Deepak Chopra joins The Cycle to discuss his new book Super Brain: Unleashing the Explosive Power of Your Mind to Maximize Health, Happiness, and Spiritual Well-Being. Deepak, who has authored more than 65 books, co-author’s this one with Rudolph E. Tanzi, Ph.D. The book discusses how you can be happy for the holidays and beyond. The book goes as far into the mind-brain connection as possible and suggests a revolutionary new way for us all to relate to the brain.
With the holiday frenzy in full swing, Deepak offer three key pieces of advice: go with the flow, take time for daily reflection, and shift the conversation in your brain.
Be sure to tune in for the full conversation at 3:40 p.m. with Deepak and check out an excerpt from his book below:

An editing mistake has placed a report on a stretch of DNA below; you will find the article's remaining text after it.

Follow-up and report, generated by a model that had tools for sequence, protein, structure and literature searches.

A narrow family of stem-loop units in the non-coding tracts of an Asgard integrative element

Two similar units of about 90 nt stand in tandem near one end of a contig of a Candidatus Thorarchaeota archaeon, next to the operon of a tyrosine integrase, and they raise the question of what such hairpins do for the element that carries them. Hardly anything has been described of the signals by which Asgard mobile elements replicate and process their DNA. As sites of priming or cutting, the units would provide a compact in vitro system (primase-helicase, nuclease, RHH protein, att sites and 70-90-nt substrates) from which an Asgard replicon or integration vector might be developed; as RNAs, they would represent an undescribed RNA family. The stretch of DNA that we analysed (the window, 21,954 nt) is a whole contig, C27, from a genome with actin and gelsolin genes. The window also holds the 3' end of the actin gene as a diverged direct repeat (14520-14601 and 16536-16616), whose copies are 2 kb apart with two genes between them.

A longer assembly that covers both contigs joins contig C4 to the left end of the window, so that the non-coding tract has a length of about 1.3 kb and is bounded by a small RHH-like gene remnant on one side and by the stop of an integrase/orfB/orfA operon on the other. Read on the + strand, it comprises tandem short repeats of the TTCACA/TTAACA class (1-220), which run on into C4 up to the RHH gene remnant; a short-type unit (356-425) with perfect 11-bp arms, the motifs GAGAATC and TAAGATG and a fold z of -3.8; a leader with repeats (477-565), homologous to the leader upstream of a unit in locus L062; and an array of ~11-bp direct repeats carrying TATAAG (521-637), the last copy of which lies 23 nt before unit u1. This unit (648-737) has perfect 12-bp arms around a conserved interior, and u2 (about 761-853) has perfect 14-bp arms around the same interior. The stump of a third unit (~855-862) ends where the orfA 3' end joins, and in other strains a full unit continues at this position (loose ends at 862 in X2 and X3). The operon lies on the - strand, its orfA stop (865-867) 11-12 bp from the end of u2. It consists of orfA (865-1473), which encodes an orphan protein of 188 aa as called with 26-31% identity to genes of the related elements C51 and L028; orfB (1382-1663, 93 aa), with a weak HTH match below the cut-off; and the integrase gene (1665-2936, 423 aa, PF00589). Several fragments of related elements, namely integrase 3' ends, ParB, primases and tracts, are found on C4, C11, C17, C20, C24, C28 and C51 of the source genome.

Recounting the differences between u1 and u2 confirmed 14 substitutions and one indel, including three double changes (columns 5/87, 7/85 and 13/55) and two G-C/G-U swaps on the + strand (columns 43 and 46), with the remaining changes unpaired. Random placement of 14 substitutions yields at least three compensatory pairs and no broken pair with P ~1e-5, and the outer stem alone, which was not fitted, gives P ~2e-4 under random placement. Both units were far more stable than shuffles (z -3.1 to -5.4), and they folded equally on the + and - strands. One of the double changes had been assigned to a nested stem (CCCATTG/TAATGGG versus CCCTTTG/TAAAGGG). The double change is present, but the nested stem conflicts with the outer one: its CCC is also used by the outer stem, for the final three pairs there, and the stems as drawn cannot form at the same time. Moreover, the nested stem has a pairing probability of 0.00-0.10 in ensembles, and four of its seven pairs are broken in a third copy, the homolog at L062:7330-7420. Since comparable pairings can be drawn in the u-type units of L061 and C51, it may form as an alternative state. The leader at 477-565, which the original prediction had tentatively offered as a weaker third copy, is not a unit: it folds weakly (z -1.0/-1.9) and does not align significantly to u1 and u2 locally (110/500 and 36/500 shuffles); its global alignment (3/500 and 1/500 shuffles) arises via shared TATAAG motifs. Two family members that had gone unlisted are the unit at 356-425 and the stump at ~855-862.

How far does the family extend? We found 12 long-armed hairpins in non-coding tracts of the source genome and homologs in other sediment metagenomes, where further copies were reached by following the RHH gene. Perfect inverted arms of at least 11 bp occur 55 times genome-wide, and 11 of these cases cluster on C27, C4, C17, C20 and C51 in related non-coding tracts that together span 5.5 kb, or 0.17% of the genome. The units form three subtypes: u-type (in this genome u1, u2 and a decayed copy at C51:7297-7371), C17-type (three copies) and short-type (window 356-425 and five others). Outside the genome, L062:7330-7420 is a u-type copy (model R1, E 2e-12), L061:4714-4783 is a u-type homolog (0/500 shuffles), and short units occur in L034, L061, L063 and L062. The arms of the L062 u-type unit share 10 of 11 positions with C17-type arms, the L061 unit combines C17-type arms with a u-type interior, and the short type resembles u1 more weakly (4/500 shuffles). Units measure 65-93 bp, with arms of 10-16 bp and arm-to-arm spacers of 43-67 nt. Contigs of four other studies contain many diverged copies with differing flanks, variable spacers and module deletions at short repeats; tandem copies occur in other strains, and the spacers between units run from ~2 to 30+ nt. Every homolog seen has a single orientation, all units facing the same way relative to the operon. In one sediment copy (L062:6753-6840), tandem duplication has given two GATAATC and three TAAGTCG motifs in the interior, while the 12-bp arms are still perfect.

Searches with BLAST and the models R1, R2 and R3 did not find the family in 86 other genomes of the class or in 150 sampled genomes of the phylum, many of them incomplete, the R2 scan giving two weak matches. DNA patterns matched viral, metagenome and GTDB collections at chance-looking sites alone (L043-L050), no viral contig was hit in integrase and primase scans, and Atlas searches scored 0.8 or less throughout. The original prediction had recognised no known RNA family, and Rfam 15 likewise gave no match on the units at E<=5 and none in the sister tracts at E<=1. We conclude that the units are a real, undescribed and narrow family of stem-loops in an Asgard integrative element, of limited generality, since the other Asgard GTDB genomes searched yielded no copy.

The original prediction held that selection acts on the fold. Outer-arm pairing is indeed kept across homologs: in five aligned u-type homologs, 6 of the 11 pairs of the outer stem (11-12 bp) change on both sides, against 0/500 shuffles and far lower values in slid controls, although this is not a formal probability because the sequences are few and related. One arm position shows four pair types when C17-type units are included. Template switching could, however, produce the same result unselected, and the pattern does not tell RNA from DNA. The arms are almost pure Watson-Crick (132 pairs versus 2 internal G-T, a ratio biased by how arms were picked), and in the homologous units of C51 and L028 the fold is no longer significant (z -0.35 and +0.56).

A GOLDEN AGEFOR THE BRAINWhat do we really know about the human brain? In the 1970sand 1980s, when the authors gained their training, the honestanswer was “very little.” There was a saying circulating back then:Studying the brain was like putting a stethoscope on the outside ofthe Astrodome to learn the rules of football.Your brain contains roughly 100 billion nerve cells forminganywhere from a trillion to perhaps even a quadrillion connectionscalled synapses. These connections are in a constant, dynamic stateof remodeling in response to the world around you. As a marvel ofnature, this one is minuscule and yet stupendous.Everyone stands in awe of the brain, which was once dubbed“the three- pound universe.” And rightly so. Your brain not onlyinterprets the world, it creates it. Everything you see, hear, touch,taste, and smell would have none of those qualities without thebrain. Whatever you experience today— your morning coffee, thelove you feel for your family, a brilliant idea at work— has been specifically customized solely for you.Immediately we confront a crucial issue. If your world is uniqueand customized for you and you alone, who is behind such remarkablecreativity, you or the brain itself? If the answer is you, then the door togreater creativity is fl ung open. If the answer is your brain, then theremay be drastic physical limitations on what you are able to achieve.Maybe your genes are holding you back, or toxic memories, or low selfesteem.Maybe you fall short because of limited expectations that havecontracted your awareness, even though you don’t see it happening.The facts of the case could easily tell both stories, of unlimitedpotential or physical limitation. Compared with the past, today scienceis amassing new facts with astonishing speed. We have entereda golden age of brain research. New breakthroughs emerge everymonth, but in the midst of such exciting advances, what about theindividual, the person who depends upon the brain for everything?Is this a golden age for your brain?We detect an enormous gap between brilliant research and everydayreality. Another medical school saying from the past comesto mind: Each person typically uses only 10 percent of their brain.Speaking literally, that’s not true. In a healthy adult, the brain’s neuralnetworks operate at full capacity all the time. Even the mostsophisticated brain scans available would show no detectable differencebetween Shakespeare writing a soliloquy from Hamlet and anaspiring poet writing his fi rst sonnet. But the physical brain is notnearly the whole story.To create a golden age for your brain, you need to use the giftnature has given you in a new way. It’s not the number of neuronsor some magic inside your gray matter that makes life more vital,inspiring, and successful. Genes play their part, but your genes,like the rest of the brain, are also dynamic. Every day you step intothe invisible fi restorm of electrical and chemical activity that is thebrain’s environment. You act as leader, inventor, teacher, and user ofyour brain, all at once.As leader, you hand out the day’s orders to your brain.As inventor, you create new pathways and connectionsinside your brain that didn’t exist yesterday.A GOLDEN AGE F O R THE B R AIN 5As teacher, you train your brain to learn new skills.As user, you are responsible for keeping your brain in goodworking order.In these four roles lies the whole difference between the everydaybrain— let’s dub it the baseline brain— and what we are callingsuper brain. The difference is immense. Even though you have notrelated to the brain by thinking What orders should I give today? orWhat new pathways do I want to create? that’s precisely what you aredoing. The customized world that you live in needs a creator. Thecreator isn’t your brain; it’s you.Super brain stands for a fully aware creator using the brain tomaximum advantage. Your brain is endlessly adaptable, and youcould be performing your fourfold role— leader, inventor, teacher,and user— with far more fulfi lling results than you now achieve.Leader: The orders you give are not just command prompts on acomputer like “delete” or “scroll to end of page.” Those are mechanicalcommands built into a machine. Your orders are received by aliving organism that changes every time you send an instruction. Ifyou think I want the same bacon and eggs I had yesterday, your braindoesn’t change at all. If instead you think What will I eat for breakfasttoday? I want something new, suddenly you are tapping into a reservoirof creativity. Creativity is a living, breathing, ever new inspirationthat no computer can match. Why not take full advantage ofit? For the brain has the miraculous ability to give more, the moreyou ask of it.Let’s translate this idea into how you relate to your brain nowand how you could be relating. Look at the lists below. Which doyou identify with?BASELINE BRAINI don’t ask myself to behave very differently today than Idid yesterday.I am a creature of habit.I don’t stimulate my mind with new things very often.I like familiarity. It’s the most comfortable way to live.If I’m being honest, there’s boring repetition at home, work,and in my relationships.SUPER BRAINI look upon every day as a new world.I pay attention not to fall into bad habits, and if one sets in,I can break it fairly easily.I like to improvise.I abhor boredom, which to me means repetition.I gravitate to new things in many areas of my life.Inventor: Your brain is constantly evolving. This happens individually,which is unique to the brain (and one of its deepest mysteries).The heart and liver that you were born with will be essentiallythe same organs when you die. Not the brain. It is capable of evolvingand improving throughout your lifetime. Invent new things forit to do, and you become the source of new skills. A striking theorygoes under the slogan “ten thousand hours,” the notion being thatyou can acquire any expert skill if you apply yourself for that lengthof time, even skills like painting and music that were once assignedonly to the talented. If you’ve ever seen Cirque du Soleil, you mighthave assumed that those astonishing acrobats came from circus familiesor foreign troupes. In fact, every act in Cirque du Soleil, withfew exceptions, is taught to ordinary people who come to a specialschool in Montreal. At one level, your life is a series of skills, beginningwith walking, talking, and reading. The mistake we make isto limit these skills. Yet the same sense of balance that allowed youto toddle, walk, run, and ride a bicycle, given ten thousand hours(or less), can allow you to cross a tightrope strung between two sky-A GOLDEN AGE F O R THE B R AIN 7scrapers. You are asking very little of your brain when you stop askingit to perfect new skills every day.Which one do you identify with?BASELINE BRAINI can’t really say that I am growing as much as when I wasyounger.If I learn a new skill, I take it only so far.I am resistant to change and sometimes feel threatenedby it.I don’t reach beyond what I am already good at.I spend a good deal of time on passive things like watchingtelevision.SUPER BRAINI will keep evolving my whole lifetime.If I learn a new skill, I take it as far as I can.I adapt quickly to change.If I’m not good at something when I fi rst try it, that’s okay.I like the challenge.I thrive on activity, with only a modicum of down time.Teacher: Knowledge is not rooted in facts; it is rooted in curiosity.One inspired teacher can alter a student for life by instillingcuriosity. You are in the same position toward your brain, but withone big difference: you are both student and teacher. Instilling curiosityis your responsibility, and when it comes, you are also the onewho will feel inspired. No brain was ever inspired, but when you are,you trigger a cascade of reactions that light up the brain, while theincurious brain is basically asleep. (It may also be crumbling; there isevidence that we may prevent symptoms of senility and brain agingby remaining socially engaged and intellectually curious during ourentire lifetime.) Like a good teacher, you must monitor errors, encouragestrengths, notice when the pupil is ready for new challenges,and so on. Like a bright pupil, you must remain open to the thingsyou don’t know, being receptive rather than close- minded.Which one do you identify with?BASELINE BRAINI’m pretty settled in how I approach my life.I am wedded to my beliefs and opinions.I leave it to others to be the experts.I rarely watch educational television or attendpublic lectures.It’s been a while since I felt really inspired.SUPER BRAINI like reinventing myself.I’ve recently changed a long- held belief or opinion.There’s at least one thing I am an expert on.I gravitate toward educational outlets on televisionor in local colleges.I’m inspired by my life on a day- to- day basis.User: There’s no owner’s manual for the brain, but it needs nourishment,repair, and proper management all the same. Certain nutrientsare physical; today a fad for brain foods sends people runningfor certain vitamins and enzymes. But the proper nourishment forthe brain is mental as well as physical. Alcohol and tobacco are toxic,and to expose your brain to them is to misuse it. Anger and fear,stress and depression also are a kind of misuse. As we write, a newstudy has shown that routine daily stress shuts down the prefrontalcortex, the part of the brain responsible for decision making, correctingerrors, and assessing situations. That’s why people go crazyin traffi c snarls. It’s a routine stress, yet the rage, frustration, andhelplessness that some drivers feel indicates that the prefrontal cortexhas stopped overriding the primal impulses it is responsible forcontrolling. Time and again we fi nd ourselves coming back to thesame theme: Use your brain, don’t let your brain use you. Road rageis an example of your brain using you, but so are toxic memories, thewounds of old traumas, bad habits you can’t break, and most tragically,out- of- control addictions. This is a vastly important area to beaware of.Which one do you identify with?BASELINE BRAINI have felt out of control recently in at least onearea of my life.My stress level is too high, but I put up with it.I worry about depression or am depressed.My life can go in a direction I don’t want it to.My thoughts can be obsessive, scary, or anxious.SUPER BRAINI feel comfortably in control.I actively avoid stressful situations by walking awayand letting go.My mood is consistently good.Despite unexpected events, my life is headed inthe direction I want it to go.I like the way my mind thinks.Even though your brain doesn’t come with an owner’s manual,you can use it to follow a path of growth, achievement, personalsatisfaction, and new skills. Without realizing it, you are capableof making a quantum leap in how you use your brain. Our fi naldestination is the enlightened brain, which goes beyond the fourroles you play. It is a rare kind of relationship, in which you serve asthe observer, the silent witness to everything the brain does. Herelies transcendence. When you are able to be the silent witness, thebrain’s activity doesn’t enmesh you. Abiding in complete peace andsilent awareness, you fi nd the truth about the eternal questions concerningGod, the soul, and life after death. The reason we believethat this aspect of life is real is that when the mind wants to transcend,the brain is ready to follow.A New RelationshipWhen Albert Einstein died in 1955 at the age of seventy- six, therewas tremendous curiosity about the most famous brain of the twentiethcentury. Assuming that something physical must have createdsuch genius, an autopsy was performed on Einstein’s brain. Defyingexpectations that big thoughts required a big brain, Einstein’sbrain actually weighed 10 percent less than the average brain. Thatera was just on the verge of exploring genes, and advanced theoriesabout how new synaptic connections are formed lay decades in thefuture. Both represent dramatic advances in knowledge. You can’tsee genes at work, but you can observe neurons growing new axonsand dendrites, the threadlike extensions that allow one brain cell toconnect with another. It’s now known that the brain can form newaxons and dendrites up to the last years of life, which gives us tremendoushope for preventing senility, for example, and preservingour mental capacity indefi nitely. (So astounding is the brain’s abilityto make new connections that a fetus on the verge of being born isforming 250,000 new brain cells per minute, leading to millions ofnew synaptic connections per minute.)Yet in so saying, we are as naïve as newspaper reporters waitingeagerly to tell the world that Einstein possessed a freakish brain— westill emphasize the physical. Not enough weight is given to how aperson relates to the brain. We feel that without a new relationship,the brain cannot be asked to do new, unexpected things. Considerdiscouraged children in school. Such students existed in every class-A GOLDEN AGE F O R THE B R AIN 11room that all of us attended, usually sitting in the back row. Theirbehavior follows a sad pattern.First the child attempts to keep up with other children. Whenthese efforts fail, for whatever reason, discouragement sets in. Thechild stops trying as hard as the children who meet with successand encouragement. The next phase is acting out, making disruptivenoises or pranks to attract attention. Every child needs attention,even if it is negative. The disruptions can be aggressive, buteventually the child realizes that nothing good is happening. Actingout leads to disapproval and punishment. So he enters the fi nalphase, which is sullen silence. He makes no more effort to keep upin class. Other children mark him as slow or stupid, an outsider.School has turned into a stifl ing prison rather than an enrichingplace.It’s not hard to see how this cycle of behavior affects the brain.We now know that babies are born with 90 percent of their brainsformed and millions of connections that are surplus. So the fi rstyears of life are spent winnowing out the unused connections andgrowing the ones that will lead to new skills. A discouraged child,we can surmise, aborts this process. Useful skills are not developed,and the parts of the brain that fall into disuse atrophy. Discouragementis holistic, encompassing brain, psyche, emotions, behavior,and opportunities later in life.For any brain to operate well, it needs stimulation. But clearlystimulation is secondary to how the child feels, which is mental andpsychological. A discouraged child relates to his brain differentlythan an encouraged child, and their brains must respond differently,too.Super brain rests on the credo of connecting the mind and brainin a new way. It’s not the physical side that makes the crucial difference.It’s a person’s resolve, intention, patience, hope, and diligence.These are all a matter of how the mind relates to the brain, for betteror worse. We can summarize the relationship in ten principles.A SUPER BRAIN CREDOHOW THE M IND R EL AT ES TO T H E B R A I N1. The process always involves feedback loops.2. These feedback loops are intelligent and adaptable.3. The dynamics of the brain go in and out of balance but alwaysfavor overall balance, known as homeostasis.4. We use our brains to evolve and develop, guided by our intentions.5. Self- refl ection pushes us forward into unknown territory.6. Many diverse areas of the brain are coordinated simultaneously.7. We have the capacity to monitor many levels of awareness, eventhough our focus is generally confi ned to one level (i.e., waking,sleeping, or dreaming).8. All qualities of the known world, such as sight, sound, texture,and taste, are created mysteriously by the interaction of mindand brain.9. Mind, not the brain, is the origin of consciousness.10. Only consciousness can understand consciousness. No mechanicalexplanation, working from facts about the brain, suffi ces.These are big ideas. We have a lot of explaining to do, but wewanted you to see the big ideas up front. If you lifted just two wordsfrom the fi rst sentence— feedback loops— you could mesmerize amedical school class for a year. The body is an immense feedbackloop made up of trillions of tiny loops. Every cell talks to every otherand listens to the answer it receives. That’s the simple essence offeedback, a term taken from electronics. The thermostat in your livingroom senses the temperature and turns the furnace on if theroom gets too cold. As the temperature rises, the thermostat takes inthat information and responds by turning the furnace off.The same back- and- forth operates through switches in the bodythat also regulate temperature. That’s nothing fascinating, so far.But when you think a thought, your brain sends information to theheart, and if the message is one of excitement, fear, sexual arousal,or many other states, it can make the heart beat faster. The brainwill send a countermessage telling the heart to slow down again,but if this feedback loop breaks down, the heart can keep racing likea car with no brakes. Patients who take steroids are replacing thenatural steroids made by the endocrine system. The longer you takeartifi cial steroids, the more the natural ones ebb, and as a result theadrenal glands shrink.The adrenals are responsible for sending the message that slowsdown a racing heart. So if a patient stops taking a steroid drug all atonce rather than tapering off, the body may be left with no brakes.The adrenal gland hasn’t had time to regrow. In that event, somebodycould sneak up behind you, yell “Boo!” and send your heartracing out of control. The result? A heart attack. With such possibilities,suddenly feedback loops start to become fascinating. Tomake them mesmerizing, there are extraordinary ways to use thebrain’s feedback. Any ordinary person hooked up to a biofeedbackmachine can quickly learn to control bodily mechanisms that usuallyrun on automatic. You can lower your blood pressure, for example,or change your heart rate. You can induce the alpha- wavestate associated with meditation and artistic creativity.Not that a biofeedback machine is necessary. Try the followingexercise: Look at the palm of your hand. Feel it as you look. Nowimagine that it is getting warmer. Keep looking and focus on it gettingwarmer; see the color becoming redder. If you maintain focuson this intention, your palm will in fact grow warm and red. TibetanBuddhist monks use this simple biofeedback loop (an advancedmeditation technique known as tumo) to warm their entire bodies.This technique is so effective that monks who use it can sit infreezing ice caves meditating overnight while wearing nothing morethan their thin silk saffron robes. Now the simple feedback loop hasbecome totally engrossing, because what we can induce merely byintending it may have no limit. The same Buddhist monks reachstates of compassion, for example, that depend on physical changesin the prefrontal cortex of the brain. Their brains didn’t do thison their own; they were following orders from the mind. Thus wecross a frontier. When a feedback loop is maintaining normal heartrhythm, the mechanism is involuntary— it is using you. But if youchange your heart rate intentionally (for example, by imagining acertain someone who excites you romantically), you are using it instead.Let’s take this concept to the place where life can be miserable orhappy. Consider stroke victims. Medical science has made huge advancesin patient survival after even massive strokes, some of whichcan be attributed to better medications and to the upsurge of traumaunits, since strokes are ideally dealt with as soon as possible. Quicktreatment is saving countless lives, compared to the past.But survival isn’t the same as recovery. No drugs show comparablesuccess in allowing victims to recover from paralysis, the mostcommon effect of a stroke. As with the discouraged children, withstroke patients everything seems to depend on feedback. In the pastthey mostly sat in a chair with medical attention, and their courseof least resistance was to use the side of the body that was unaffectedby their stroke. Now rehabilitation actively takes the courseof most resistance. If a patient’s left hand is paralyzed, for example,the therapist will have her use only that hand to pick up a coffee cupor comb her hair.At fi rst these tasks are physically impossible. Even barely raisinga paralyzed hand causes pain and frustration. But if the patient repeatsthe intention to use the bad hand, over and over, new feedbackloops develop. The brain adapts, and slowly there is new function.We now see remarkable recoveries in patients who walk, talk, anduse their limbs normally with intensive rehab. Even twenty yearsago these functions would have languished or shown only minorimprovements.And all we have done so far is to explore the implications of twowords.The super brain credo bridges two worlds, biology and experience.Biology is great at explaining physical processes, but it is totallyinadequate at telling us about the meaning and purpose of our subjectiveexperience. What does it feel like to be a discouraged child ora paralyzed stroke victim? The story begins with that question, andbiology follows second. We need both worlds to understand ourselves.Otherwise, we fall into the biological fallacy, which holdsthat humans are controlled by their brains. Leaving aside countlessarguments between various theories of mind and brain, the goal isclear: We want to use our brains, not have them use us.We’ll expand on these ten principles as the book unfolds. Majorbreakthroughs in neuroscience are all pointing in the same direction.The human brain can do far more than anyone ever thought.Contrary to outworn beliefs, its limitations are imposed by us, notby its physical shortcomings. For example, when we were gettingour medical and scientifi c training, the nature of memory was acomplete mystery. Another saying circulated back then: “We knowas much about memory as if the brain were fi lled with sawdust.”Fortunately, brain scans were on the horizon, and today researcherscan watch in real time as areas of the brain “light up,” to display thefi ring of neurons, as subjects remember certain things. The Astrodome’sroof is now made of glass, you could say.But memory remains elusive. It leaves no physical traces in braincells, and no one really knows how our memories are stored. Butthat’s no reason to place any limitations on what our brains can remember.A young Indian math prodigy gave a demonstration inwhich she was asked to multiply two numbers, each thirty- two digitslong, in her head. She produced the answer, which was sixty- fouror - fi ve digits long, within seconds of her hearing the two numbers.On average, most people can remember only six or seven digits at aglance. So what should be our norm for memory, the average personor the exceptional one? Instead of saying that the math prodigy hasbetter genes or a special gift, ask another question: Did you trainyour brain to have a super memory? There are training courses forthat skill, and average people who take them can perform feats likereciting the King James Bible from memory, using no more thanthe genes and gifts they were born with. Everything hinges on howyou relate to your brain. By setting higher expectations, you enter aphase of higher functioning.One of the unique things about the human brain is that it cando only what it thinks it can do. The minute you say, “My memoryisn’t what it used to be” or “I can’t remember a thing today,” you areactually training your brain to live up to your diminished expectations.Low expectations mean low results. The fi rst rule of superbrain is that your brain is always eavesdropping on your thoughts.As it listens, it learns. If you teach it about limitation, your brain willbecome limited. But what if you do the opposite? What if you teachyour brain to be unlimited?Think of your brain as being like a Steinway grand piano. Allthe keys are in place, ready to work at the touch of a fi nger. Whethera beginner sits down at the keyboard or a world- renowned virtuosolike Vladimir Horowitz or Arthur Rubinstein, the instrument isphysically the same. But the music that comes out will be vastly different.The beginner uses less than 1 percent of the piano’s potential;the virtuoso is pushing the limits of the instrument.If the music world had no virtuosos, no one would ever guessat the amazing things a Steinway grand can do. Fortunately, researchon brain performance is providing us with stunning examplesof untapped potential brilliantly coming to life. Only now arethese amazing individuals being studied with brain scans, whichmakes their abilities more astonishing and at the same time moremysterious.Let’s consider Magnus Carlsen, the Norwegian chess prodigy.He earned the highest ranking in chess, grand master, at the age ofthirteen, the third youngest in history. Around that time, in a speedgame, he forced Gary Kasparov, the former world chess champion,to a draw. “I was nervous and intimidated,” Carlsen recalls, “or Iwould have beat him.” To play chess at this level, a grand mastermust be able to refer, instantly and automatically, to thousands ofgames stored in his memory. We know the brain is not fi lled withsawdust, but how a person is able to recall such a vast storehouse ofindividual moves— amounting to many million possibilities— is totallymysterious. In a televised demonstration of his abilities, youngCarlsen, who is now twenty- one, played ten opponents simultaneouslyin speed chess— with his back turned to the boards.In other words, he had to keep in mind ten separate chess boards,with their thirty- two pieces, while the clock permitted only secondsfor each move. Carlsen’s performance defi nes the limit of memory,or a small slice of it. If it is diffi cult for a normal person to imaginehaving such a memory, the fact is that Carlsen isn’t straining hisbrain. What he does, he says, feels completely natural.We believe that every remarkable mental feat is a signpost showingthe way. You won’t know what your brain can do until you testits limits and push beyond them. No matter how ineffi ciently youare using your brain, one thing is certain: it is the gateway to yourfuture. Your success in life depends on your brain, for the simplereason that all experience comes to us through our brains.We want Super Brain to be as practical as possible, because it cansolve problems that are far more diffi cult, or even impossible, for thebaseline brain. Each chapter will end with its own Super Brain Solutionssection, with a host of innovative suggestions for overcomingmany of life’s most common challenges.